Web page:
This undertaking is a heavy drain on staff resources, but will amply justify itself by broadening and enriching use of The Lincoln Legal Papers Complete Edition. Historians and biographers not versed in antebellum law, plus any users who have difficulty reading old handwriting, will be able to quickly learn the essence of a case through facts presented on the case, its participants, and especially the summaries. This in turn will enable them to concentrate their detailed textual research on only those cases and documents that most interest them. Moreover, the comprehensive electronic index will provide ready access to cases by legal and historical subject headings. In short, the heavy one-time investment in staff time will appreciably enhance the CD-ROM product and pay continuing dividends over the years.
Samples of Case Summaries
Illinois Central Railroad Company v. McGinnis
McGinnis sued the Illinois Central Railroad in JP court for assessment of damages for right of way. The JP ruled for McGinnis, and the railroad, retaining Lincoln, appealed to the circuit court. The jury there awarded McGinnis $37.50. Lincoln received a $25 fee for his first recorded case for the Illinois Central.
People v. Armstrong
People v. Armstrong is more commonly known as the Almanac Trial. Armstrong and Norris were indicted for the murder of Metzker at a camp revival in Mason County. Norris was tried, convicted of manslaughter, and sentenced to prison. Armstrong was granted a change of venue to Cass County, where he was defended by Lincoln and found not guilty.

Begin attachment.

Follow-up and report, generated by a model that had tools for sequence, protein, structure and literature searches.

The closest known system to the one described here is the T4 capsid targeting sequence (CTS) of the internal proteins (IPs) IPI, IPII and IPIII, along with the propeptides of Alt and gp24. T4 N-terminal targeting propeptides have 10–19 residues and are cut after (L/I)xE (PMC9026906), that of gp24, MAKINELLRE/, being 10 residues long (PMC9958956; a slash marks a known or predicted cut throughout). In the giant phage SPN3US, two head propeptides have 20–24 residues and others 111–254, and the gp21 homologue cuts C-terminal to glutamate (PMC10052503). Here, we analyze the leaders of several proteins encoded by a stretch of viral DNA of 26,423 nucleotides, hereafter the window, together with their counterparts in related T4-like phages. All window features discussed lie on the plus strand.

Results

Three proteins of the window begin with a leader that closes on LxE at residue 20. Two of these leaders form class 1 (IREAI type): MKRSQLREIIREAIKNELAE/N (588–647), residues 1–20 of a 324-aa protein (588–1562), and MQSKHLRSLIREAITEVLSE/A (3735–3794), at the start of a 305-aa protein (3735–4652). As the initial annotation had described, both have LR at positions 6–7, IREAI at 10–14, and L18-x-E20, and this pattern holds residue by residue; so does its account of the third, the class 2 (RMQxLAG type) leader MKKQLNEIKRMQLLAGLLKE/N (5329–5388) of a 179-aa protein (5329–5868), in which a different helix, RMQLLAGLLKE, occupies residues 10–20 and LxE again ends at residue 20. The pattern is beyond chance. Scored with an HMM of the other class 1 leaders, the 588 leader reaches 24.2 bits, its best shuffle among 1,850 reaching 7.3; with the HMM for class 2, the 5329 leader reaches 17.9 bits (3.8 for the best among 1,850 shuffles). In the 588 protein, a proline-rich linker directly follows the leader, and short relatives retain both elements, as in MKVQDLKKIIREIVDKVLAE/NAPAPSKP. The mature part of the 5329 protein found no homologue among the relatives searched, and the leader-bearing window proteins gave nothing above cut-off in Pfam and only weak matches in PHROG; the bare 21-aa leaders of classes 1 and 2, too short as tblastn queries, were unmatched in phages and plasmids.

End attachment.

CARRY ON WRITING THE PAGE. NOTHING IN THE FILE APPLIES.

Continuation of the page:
Christian County v. Overholt & Squier
Overholt and Squier contracted with three judges of Christian County to construct a courthouse. The $15,000 contract was to be paid in installments upon completion of specific projects. Overholt completed the foundation, but Judge Vandeveer refused payment stating the job failed to meet agreed specifications. Overholt and Squier halted construction and sued to recover the anticipated profits. After a change of venue, the jury awarded them $657.87, and Christian County officials retained Lincoln to appeal the case to the Illinois Supreme Court. It reversed and remanded the case, ruling that Overholt and Squire could not sue for anticipated profits unless they were prevented from completing construction, which did not happen. Lincoln received a $50 fee for his work in the trial and the appeal.
People v. Weaver
Weaver, drunk, was arrested for shooting and killing Hiltibran for no apparent reason. Lincoln was assigned by the court to defend Weaver, whom the jury found guilty and sentenced to hang. However, Weaver escaped from jail, fled to Wisconsin, and was never apprehended.